In particular, authors can leave copies of their JMLR articles on their
own homepage.

Over the years the editorial board of MLJ has expanded to encompass
all of the various perspectives on the machine learning field, and
the editorial board's efforts in this regard have contributed greatly
to the sense of intellectual unity and community that many of us feel.
We believe, however, that there is much more to achieve, and that
our further growth and further impact will be enormously enhanced
if via our flagship journal we are able to communicate more freely,
easily, and universally.

Our action is not unprecedented.  As documented at the Scholarly Publishing
and Academic Resources Coalition (SPARC) website, http://www.arl.org/sparc,
there are many areas in science where researchers are moving to low-cost
publication alternatives.  One salient example is the case of the
journal Logic Programming.  In 1999, the editors and editorial
advisors of this journal resigned to join Theory and Practice of
Logic Programming, a Cambridge University Press journal that encourages
electronic dissemination of papers.

In summary, our resignation from the editorial board of MLJ reflects
our belief that journals should principally serve the needs of 

Re: letter of resignation from Machine Learning journal

2001-10-12 Thread Jaak Vilo


On Fri, 12 Oct 2001, Michael Jordan wrote:
 The forty people whose names appear below have resigned from the
 Editorial Board of the Machine Learning Journal (MLJ).  We would

You may already know, or if not, find this initiative interesting

-Jaak Vilo


  The Public Library of Science is a non-profit organization of
  scientists committed to making the world's scientific and medical
  literature freely accessible to scientists and to the public around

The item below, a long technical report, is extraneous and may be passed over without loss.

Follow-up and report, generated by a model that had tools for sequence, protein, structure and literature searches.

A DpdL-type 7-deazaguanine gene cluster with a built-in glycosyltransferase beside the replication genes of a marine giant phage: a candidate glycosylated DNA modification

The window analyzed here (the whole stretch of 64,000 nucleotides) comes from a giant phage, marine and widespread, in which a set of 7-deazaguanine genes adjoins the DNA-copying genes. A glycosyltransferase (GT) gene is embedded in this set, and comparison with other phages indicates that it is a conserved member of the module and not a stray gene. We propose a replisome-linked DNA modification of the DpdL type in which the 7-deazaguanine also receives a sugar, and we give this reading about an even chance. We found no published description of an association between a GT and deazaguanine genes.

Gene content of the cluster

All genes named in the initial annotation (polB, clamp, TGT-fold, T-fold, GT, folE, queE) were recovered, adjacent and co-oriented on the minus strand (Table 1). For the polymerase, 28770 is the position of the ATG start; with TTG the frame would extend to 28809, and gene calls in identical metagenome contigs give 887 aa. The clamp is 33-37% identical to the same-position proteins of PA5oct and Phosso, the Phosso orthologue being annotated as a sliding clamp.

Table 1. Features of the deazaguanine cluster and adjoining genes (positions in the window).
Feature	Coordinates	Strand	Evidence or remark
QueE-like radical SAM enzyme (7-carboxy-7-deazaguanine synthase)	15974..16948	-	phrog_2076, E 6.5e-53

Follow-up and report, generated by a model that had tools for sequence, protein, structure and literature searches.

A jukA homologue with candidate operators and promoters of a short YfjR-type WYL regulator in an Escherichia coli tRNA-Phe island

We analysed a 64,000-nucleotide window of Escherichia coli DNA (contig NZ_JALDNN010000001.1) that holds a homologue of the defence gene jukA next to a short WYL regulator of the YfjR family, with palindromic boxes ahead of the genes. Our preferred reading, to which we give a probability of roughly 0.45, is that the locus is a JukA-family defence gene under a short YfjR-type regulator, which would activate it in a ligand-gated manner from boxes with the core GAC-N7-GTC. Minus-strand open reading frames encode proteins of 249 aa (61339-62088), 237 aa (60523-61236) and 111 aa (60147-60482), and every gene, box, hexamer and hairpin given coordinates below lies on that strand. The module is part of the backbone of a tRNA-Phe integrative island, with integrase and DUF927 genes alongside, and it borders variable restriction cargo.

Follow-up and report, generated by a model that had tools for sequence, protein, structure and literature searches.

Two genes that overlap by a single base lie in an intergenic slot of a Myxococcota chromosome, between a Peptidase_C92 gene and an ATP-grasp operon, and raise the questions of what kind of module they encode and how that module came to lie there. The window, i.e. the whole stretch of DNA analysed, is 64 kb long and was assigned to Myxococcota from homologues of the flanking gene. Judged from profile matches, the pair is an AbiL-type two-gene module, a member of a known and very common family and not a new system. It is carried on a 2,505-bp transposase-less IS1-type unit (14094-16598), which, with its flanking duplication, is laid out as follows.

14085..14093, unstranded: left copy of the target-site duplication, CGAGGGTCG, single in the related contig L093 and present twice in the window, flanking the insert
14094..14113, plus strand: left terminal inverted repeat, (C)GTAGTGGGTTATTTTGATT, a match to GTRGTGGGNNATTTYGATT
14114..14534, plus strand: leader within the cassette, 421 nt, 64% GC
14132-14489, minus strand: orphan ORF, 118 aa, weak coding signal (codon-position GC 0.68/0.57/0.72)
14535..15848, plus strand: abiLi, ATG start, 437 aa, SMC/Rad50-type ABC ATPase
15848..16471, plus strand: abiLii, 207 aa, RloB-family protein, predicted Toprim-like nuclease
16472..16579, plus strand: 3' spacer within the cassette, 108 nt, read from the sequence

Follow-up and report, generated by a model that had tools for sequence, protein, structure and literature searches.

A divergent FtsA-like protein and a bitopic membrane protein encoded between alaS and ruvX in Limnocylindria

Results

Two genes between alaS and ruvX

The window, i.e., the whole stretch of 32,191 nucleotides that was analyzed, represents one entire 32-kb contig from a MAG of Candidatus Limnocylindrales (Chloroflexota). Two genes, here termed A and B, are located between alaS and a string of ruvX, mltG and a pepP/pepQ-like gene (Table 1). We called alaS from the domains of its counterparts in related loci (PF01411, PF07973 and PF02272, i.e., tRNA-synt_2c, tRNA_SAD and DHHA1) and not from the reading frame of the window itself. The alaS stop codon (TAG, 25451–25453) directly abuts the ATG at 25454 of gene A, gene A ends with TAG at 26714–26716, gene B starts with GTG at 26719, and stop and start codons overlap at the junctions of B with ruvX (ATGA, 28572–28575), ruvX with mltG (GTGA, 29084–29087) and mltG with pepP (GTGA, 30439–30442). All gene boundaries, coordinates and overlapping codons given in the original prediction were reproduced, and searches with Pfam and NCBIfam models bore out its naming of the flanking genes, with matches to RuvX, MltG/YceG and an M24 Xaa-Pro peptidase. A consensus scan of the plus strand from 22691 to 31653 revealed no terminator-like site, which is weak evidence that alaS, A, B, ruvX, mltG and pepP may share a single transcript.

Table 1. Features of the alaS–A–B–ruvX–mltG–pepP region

the world, for the benefit of scientific progress, education and the
  public good.

  We are working for the establishment of international online public
  libraries of science that will archive and distribute the complete
  contents of published scientific articles, and foster the development of
  new ways to search, interlink and integrate the information that is
  currently partitioned into millions of separate reports and segregated
  into thousands of different journals, each with its own restrictions on

  As a step toward these goals, scientists around the world have been
  circulating an open letter urging publishers to allow the research
  reports that have appeared in their journals to be distributed freely by
  independent, online public libraries of science. The response from the
  international scientific community to this initiative has been
  remarkable, and overwhelmingly positive. The open letter has now been
  signed by 28239 of your colleagues from 172 countries. Our initiative
  has prompted some significant and welcome steps by many scientific
  publishers towards freer access to published research, but in general
  these steps have fallen short of the reasonable policies we have
  advocated. We will make every effort to publish our work in, and give
  our full support to, those journals that have adopted the policy
  proposed in the open letter.

  It is now clear, however, that if we really want to change the
  publication of scientific research, we must do the publishing ourselves.
  It is time for us to work together to create the journals we have called
  for. We are working to establish a non-profit scientific publisher under
  the banner of the Public Library of Science, operated by scientists, for
  the benefit of science and the public. With your participation, vision
  and energy we can establish a new model for scientific publishing.
  Please join us in this effort.